The benches weren’t exactly creaking but an excellent entry of plants from 62 exhibitors ensured that the public were suitably entertained. They came in good numbers once again, ensuring that Kendal remains one of the most popular shows on the circuit. Numerous images of alpine plants lined the perimeter of the show, courtesy of photographers from the local (North Lancashire) group, providing the perfect backdrop for the plants.
The premier award – a Farrer medal this year under AGS rules - went to a well flowered pan of Hepatica nobilis var. japonica ‘Gyousei’ shown by Brian and Shelagh Smethurst. The plant had been passed to them some four years previously and is clearly now in very capable hands, grown in a shaded frame for the late spring through to autumn period.
A friable mix of John Innes no. 3, leaf-mould, bark and grit is used when repotting. The timing of this operation is a movable feast for the genus, with September the preferred month. The pan then resides in the alpine house until flowering, with an annual, late winter addition of a blood, fish and bonemeal topdressing helping to ensure the generous display of flowers.
Don Peace was the clear winner of the Hollet Trophy after all the first prize points in the Open Section were aggregated. Success in the small six-pan AGS medal class provides a useful bounty of points in this respect and his entry contained some noteworthy plants. These included an attractive clone of Fritillaria carica [below] which was voted the best plant in a 19cm pot and received the Duncan Lowe award. Don acquired his initial stock, comprising a few bulbs, over 10 years ago and it has bulked up well over the years from rice grains, which are freely produced annually. The Dutch grower he obtained them from called the stock ‘Mike Salmon’s yellow’ but this may be just a personal reference. Don’s standard Fritillaria regime is deployed: viz. a compost of two parts John Innes no. 3 to one part grit. Generously watered when in full growth, the pot is later allowed to dry out as soon as the foliage starts to go over. The compost is kept dry until repotting takes place in early September, when the pot is returned to a moist plunge. This allows sufficient moisture to pass through the sides of the clay pot and initiate root growth. The pot itself is not watered until top growth is apparent in late winter.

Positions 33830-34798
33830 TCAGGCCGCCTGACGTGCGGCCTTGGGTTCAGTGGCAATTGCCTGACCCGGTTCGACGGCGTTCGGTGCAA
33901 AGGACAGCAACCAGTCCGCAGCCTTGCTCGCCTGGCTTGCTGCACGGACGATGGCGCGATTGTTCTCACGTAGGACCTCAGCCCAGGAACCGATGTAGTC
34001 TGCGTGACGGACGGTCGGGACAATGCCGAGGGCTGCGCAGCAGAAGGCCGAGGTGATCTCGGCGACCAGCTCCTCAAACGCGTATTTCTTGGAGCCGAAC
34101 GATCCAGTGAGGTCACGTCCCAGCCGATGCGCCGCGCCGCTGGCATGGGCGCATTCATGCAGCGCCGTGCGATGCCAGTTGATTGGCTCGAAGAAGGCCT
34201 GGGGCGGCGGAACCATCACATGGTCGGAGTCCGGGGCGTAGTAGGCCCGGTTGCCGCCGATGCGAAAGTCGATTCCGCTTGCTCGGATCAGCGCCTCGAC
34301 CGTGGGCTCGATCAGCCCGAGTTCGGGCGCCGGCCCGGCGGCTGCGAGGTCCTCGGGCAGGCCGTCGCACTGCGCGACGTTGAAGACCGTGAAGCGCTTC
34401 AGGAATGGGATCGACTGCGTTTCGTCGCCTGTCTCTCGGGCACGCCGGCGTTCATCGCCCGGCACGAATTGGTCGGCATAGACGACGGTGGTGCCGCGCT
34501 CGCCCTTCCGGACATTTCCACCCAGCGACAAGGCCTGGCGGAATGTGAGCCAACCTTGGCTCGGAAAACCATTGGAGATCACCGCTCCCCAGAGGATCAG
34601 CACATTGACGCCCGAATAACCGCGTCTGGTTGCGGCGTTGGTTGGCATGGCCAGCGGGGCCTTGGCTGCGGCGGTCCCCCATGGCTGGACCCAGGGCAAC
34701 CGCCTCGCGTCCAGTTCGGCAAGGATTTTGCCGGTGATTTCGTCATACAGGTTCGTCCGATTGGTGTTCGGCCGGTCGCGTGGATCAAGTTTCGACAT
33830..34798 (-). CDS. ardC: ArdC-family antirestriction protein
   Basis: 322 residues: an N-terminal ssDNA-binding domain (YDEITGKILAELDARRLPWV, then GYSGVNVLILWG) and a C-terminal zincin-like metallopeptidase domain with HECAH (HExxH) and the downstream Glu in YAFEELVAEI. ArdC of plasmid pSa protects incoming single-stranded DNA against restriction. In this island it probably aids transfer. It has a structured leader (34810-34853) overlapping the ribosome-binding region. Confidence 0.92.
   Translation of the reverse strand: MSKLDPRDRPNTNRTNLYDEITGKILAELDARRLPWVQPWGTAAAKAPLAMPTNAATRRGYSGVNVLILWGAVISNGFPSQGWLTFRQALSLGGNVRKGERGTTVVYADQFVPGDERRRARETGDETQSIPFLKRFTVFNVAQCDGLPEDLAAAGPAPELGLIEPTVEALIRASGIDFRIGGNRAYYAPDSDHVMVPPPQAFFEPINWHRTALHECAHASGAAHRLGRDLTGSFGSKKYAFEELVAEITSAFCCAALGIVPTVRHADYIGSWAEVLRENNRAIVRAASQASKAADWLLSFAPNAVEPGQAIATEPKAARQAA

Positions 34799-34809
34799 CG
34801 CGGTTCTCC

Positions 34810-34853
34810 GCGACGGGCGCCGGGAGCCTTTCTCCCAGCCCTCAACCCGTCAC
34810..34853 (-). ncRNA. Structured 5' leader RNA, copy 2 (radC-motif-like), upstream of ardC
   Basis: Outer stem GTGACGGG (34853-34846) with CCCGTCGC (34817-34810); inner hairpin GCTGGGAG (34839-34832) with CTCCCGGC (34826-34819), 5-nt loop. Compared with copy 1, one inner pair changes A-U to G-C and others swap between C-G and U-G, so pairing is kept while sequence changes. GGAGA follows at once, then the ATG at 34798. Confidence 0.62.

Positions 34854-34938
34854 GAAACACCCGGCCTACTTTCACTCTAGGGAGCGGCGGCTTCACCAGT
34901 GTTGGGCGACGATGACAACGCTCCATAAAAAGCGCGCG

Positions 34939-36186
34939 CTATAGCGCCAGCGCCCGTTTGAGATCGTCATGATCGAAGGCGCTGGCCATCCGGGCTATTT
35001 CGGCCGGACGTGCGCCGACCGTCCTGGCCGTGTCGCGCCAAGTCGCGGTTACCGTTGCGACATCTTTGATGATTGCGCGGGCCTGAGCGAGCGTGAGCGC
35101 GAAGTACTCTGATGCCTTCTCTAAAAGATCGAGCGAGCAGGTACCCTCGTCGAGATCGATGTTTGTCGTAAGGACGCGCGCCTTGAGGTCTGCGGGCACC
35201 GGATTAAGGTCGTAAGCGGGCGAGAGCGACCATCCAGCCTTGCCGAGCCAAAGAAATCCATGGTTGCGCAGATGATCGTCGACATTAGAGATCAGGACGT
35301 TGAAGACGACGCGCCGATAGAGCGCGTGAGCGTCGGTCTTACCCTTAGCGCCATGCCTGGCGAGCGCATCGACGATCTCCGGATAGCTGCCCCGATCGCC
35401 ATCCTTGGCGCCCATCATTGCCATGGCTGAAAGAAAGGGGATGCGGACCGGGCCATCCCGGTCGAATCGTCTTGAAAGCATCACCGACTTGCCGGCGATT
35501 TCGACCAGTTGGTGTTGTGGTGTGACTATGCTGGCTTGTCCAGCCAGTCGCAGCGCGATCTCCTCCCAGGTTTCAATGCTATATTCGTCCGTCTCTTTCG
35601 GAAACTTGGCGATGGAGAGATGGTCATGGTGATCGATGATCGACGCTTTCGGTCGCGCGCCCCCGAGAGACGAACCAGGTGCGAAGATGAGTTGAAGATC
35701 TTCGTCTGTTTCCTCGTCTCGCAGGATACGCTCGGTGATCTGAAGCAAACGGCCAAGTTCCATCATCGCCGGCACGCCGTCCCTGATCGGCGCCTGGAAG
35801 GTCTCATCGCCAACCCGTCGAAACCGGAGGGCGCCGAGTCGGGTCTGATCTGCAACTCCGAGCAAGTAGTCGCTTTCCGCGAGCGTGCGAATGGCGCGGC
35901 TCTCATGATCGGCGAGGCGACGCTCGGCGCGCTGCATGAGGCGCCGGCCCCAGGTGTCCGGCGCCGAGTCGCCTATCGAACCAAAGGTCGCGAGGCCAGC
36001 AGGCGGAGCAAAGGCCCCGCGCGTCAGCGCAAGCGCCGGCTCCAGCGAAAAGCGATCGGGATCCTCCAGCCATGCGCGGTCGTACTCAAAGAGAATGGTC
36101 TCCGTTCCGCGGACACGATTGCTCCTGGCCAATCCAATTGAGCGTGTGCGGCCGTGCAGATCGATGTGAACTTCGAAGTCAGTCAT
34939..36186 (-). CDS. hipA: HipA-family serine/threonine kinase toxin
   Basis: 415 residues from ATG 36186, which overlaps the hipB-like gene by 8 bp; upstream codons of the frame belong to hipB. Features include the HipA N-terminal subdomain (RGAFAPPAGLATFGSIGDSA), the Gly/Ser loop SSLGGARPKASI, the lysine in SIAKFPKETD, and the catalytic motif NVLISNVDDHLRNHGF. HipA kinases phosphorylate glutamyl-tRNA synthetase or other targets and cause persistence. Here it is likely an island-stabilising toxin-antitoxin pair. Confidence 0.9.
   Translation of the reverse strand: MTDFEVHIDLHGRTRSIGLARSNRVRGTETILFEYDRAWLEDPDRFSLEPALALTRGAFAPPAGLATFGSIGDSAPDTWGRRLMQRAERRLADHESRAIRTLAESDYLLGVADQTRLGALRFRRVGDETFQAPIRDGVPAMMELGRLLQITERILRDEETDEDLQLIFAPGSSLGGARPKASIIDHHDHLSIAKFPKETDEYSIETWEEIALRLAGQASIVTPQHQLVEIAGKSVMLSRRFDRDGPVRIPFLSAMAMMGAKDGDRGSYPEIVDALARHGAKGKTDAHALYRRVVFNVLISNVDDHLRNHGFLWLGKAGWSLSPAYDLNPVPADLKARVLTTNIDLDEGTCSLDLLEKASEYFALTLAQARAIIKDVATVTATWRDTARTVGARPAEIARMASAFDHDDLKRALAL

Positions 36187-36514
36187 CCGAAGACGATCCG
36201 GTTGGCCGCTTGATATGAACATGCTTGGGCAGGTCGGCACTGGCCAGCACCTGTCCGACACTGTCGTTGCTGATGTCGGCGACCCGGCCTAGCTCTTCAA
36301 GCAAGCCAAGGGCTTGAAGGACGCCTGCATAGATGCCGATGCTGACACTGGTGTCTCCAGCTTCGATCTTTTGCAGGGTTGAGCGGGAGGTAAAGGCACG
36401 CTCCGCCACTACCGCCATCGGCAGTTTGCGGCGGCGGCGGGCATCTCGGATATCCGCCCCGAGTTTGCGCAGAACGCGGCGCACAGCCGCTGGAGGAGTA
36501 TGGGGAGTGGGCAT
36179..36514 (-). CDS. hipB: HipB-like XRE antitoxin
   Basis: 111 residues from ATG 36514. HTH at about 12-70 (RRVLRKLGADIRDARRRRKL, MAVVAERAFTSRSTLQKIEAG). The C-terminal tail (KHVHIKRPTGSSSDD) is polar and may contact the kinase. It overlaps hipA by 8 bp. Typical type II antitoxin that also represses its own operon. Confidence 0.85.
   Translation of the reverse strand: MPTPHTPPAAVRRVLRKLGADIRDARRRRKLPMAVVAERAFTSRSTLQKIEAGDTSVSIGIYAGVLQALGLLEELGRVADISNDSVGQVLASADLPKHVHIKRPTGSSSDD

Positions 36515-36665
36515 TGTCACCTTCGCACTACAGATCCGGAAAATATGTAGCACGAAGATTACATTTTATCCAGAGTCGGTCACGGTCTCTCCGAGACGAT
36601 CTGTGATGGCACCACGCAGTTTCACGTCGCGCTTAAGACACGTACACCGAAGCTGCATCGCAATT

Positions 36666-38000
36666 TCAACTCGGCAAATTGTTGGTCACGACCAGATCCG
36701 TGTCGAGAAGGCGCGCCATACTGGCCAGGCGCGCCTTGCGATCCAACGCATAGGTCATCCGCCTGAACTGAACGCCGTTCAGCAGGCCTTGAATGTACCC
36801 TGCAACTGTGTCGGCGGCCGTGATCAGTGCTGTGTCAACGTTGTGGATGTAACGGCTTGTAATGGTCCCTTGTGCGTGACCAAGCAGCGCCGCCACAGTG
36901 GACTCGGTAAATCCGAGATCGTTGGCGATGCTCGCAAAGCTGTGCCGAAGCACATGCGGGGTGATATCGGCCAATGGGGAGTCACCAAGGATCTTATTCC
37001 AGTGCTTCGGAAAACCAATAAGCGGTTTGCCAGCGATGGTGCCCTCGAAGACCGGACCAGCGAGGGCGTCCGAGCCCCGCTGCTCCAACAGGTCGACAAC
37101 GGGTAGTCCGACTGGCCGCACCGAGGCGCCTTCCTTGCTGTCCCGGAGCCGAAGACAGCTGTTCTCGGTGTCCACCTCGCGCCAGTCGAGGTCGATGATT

The Kirby Cup, awarded to the best foliage plant in the show, went to a large pan of Celmisia semi-cordata grown by Alan Furness in his customary accomplished manner. With in excess of 40 species and forms growing unprotected in his Northumberland garden, there is no shortage of show contenders. Potted plants fare best in an open plunge all year, protection only provided at flowering time if the plant is destined for the show bench. The plunge is sited in an open, well-lit and breezy aspect (they dislike shade). With their deep root system, celmisias benefit from large pots or long toms and a compost of 50% loam, 20% composted bark and 30% coarse grit is advocated. A trio of other Celmisias (C. monroi, C. gracilenta and C. sessiliflora) was also awarded first prize in the class for three rock plants, all requiring the same cultural conditions. The educational information provided was surely a source of inspiration to exhibitors and public alike.